All Hope is Gone

Written by: CR on 01/09/2008 15:01:19

It's been a very long time since I last listened to anything from Slipknot. If you exclude "Before I Forget", which was included in Guitar Hero 3, I have to go back to my rebellious teenage years some 7-8 years back. With that in mind I expected "All Hope is Gone" to be yet another attempt to make money of those "pesky" teenagers who feel that life is just too harsh and unfair. In all fairness that isn't the best way to start reviewing an album, so I ended up spending a lot of time trying not to give Slipknot a disadvantage on that account.

The first time I heard the album in it's entirety, my initial verdict wasn't very positive. It's very clear that you're listening to a Slipknot record. Lots of heavy riffs, double bass drumming and Corey Taylor's characteristic vocals. Maybe it was because of this that my original conclusion deferred quite a bit from the final result. Things have changed. A lot of the nu-metal elements have been replaced with much thrashier riffs, and from time to time your mind will wander off to names like Slayer and Trivium when looking for similarities with other bands. Solos are a welcome addition to the recipe for this album, and you will even find poly-rhythms from time to time, which is a big score in my book.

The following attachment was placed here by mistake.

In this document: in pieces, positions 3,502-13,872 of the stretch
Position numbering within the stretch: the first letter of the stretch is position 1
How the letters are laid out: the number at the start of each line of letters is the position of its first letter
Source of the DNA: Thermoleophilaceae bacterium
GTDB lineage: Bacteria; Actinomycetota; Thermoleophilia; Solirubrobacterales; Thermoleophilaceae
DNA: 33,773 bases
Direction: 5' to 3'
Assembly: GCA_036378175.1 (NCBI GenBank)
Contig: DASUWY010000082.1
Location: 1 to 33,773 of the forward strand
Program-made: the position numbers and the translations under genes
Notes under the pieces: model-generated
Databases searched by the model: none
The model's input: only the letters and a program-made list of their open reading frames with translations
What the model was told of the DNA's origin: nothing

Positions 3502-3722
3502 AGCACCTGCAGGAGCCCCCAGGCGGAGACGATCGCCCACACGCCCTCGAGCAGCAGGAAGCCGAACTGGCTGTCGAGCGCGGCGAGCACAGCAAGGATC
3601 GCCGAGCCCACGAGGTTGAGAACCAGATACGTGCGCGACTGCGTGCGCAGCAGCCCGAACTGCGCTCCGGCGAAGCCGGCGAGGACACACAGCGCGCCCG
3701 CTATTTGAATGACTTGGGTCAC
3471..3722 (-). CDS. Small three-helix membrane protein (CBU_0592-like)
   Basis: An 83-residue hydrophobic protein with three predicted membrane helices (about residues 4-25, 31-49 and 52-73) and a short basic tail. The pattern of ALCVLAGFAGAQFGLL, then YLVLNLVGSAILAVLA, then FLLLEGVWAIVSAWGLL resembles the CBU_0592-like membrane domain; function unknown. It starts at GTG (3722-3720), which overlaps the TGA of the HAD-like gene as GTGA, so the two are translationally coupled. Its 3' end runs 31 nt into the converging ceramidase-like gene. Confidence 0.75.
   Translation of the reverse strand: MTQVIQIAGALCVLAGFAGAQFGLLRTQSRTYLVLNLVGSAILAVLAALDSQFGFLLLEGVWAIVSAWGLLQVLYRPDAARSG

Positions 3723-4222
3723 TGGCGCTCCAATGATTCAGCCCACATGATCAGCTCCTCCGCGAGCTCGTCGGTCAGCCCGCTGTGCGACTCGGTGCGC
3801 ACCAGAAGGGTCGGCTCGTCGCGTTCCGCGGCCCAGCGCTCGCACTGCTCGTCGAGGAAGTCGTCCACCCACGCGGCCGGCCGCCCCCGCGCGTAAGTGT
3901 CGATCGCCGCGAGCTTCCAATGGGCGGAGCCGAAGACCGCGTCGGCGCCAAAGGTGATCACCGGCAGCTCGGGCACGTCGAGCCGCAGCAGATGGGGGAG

Admittedly this is a really good album. It succeeds brilliantly when the band explores new areas, but unfortunately the song "Snuff" is so bad it needs to be singled out. It simply should not have been written. Luckily there's more of the good than the bad, and except for "Snuff", none of the ugly. Despite of this I don't think "All Hope is Gone" will ever make its way to my CD rack simply because of how it would look with a Slipknot album along side my other CDs. Sure, some will say this is a cheap shot at the band but no matter how Slipknot change their sound and music, they can't escape that the train of thought will undeniably make a stop at prejudiceville. I simply cannot get that it takes nine people to make this music, and in the end that makes it hard to take the music seriously, even if you don't take into account their somewhat silly stage appearance.

So what does this add up to? First of all, it changed my point of view on Slipknot. I expected this review to take approximately two hours to write, including the time it took to hear the album from start to finish. I ended up spending most of Friday through Monday with Slipknot in my ears, and I would be lying if I said it wasn't a record I'd put on voluntarily from time to time. It's a good album and shouldn't be dismissed because of what it says on the tin. If you are a Slipknot fan, this is a must have, and if not, at least give it a try. You might end up liking it - I know I did.

Download: Butcher’s Hook, Gematria (The Killing Name)
For the fans of: KoЯn, Coal Chamber
Listen: Myspace
Buy: iTunes

Release date 25.08.2008

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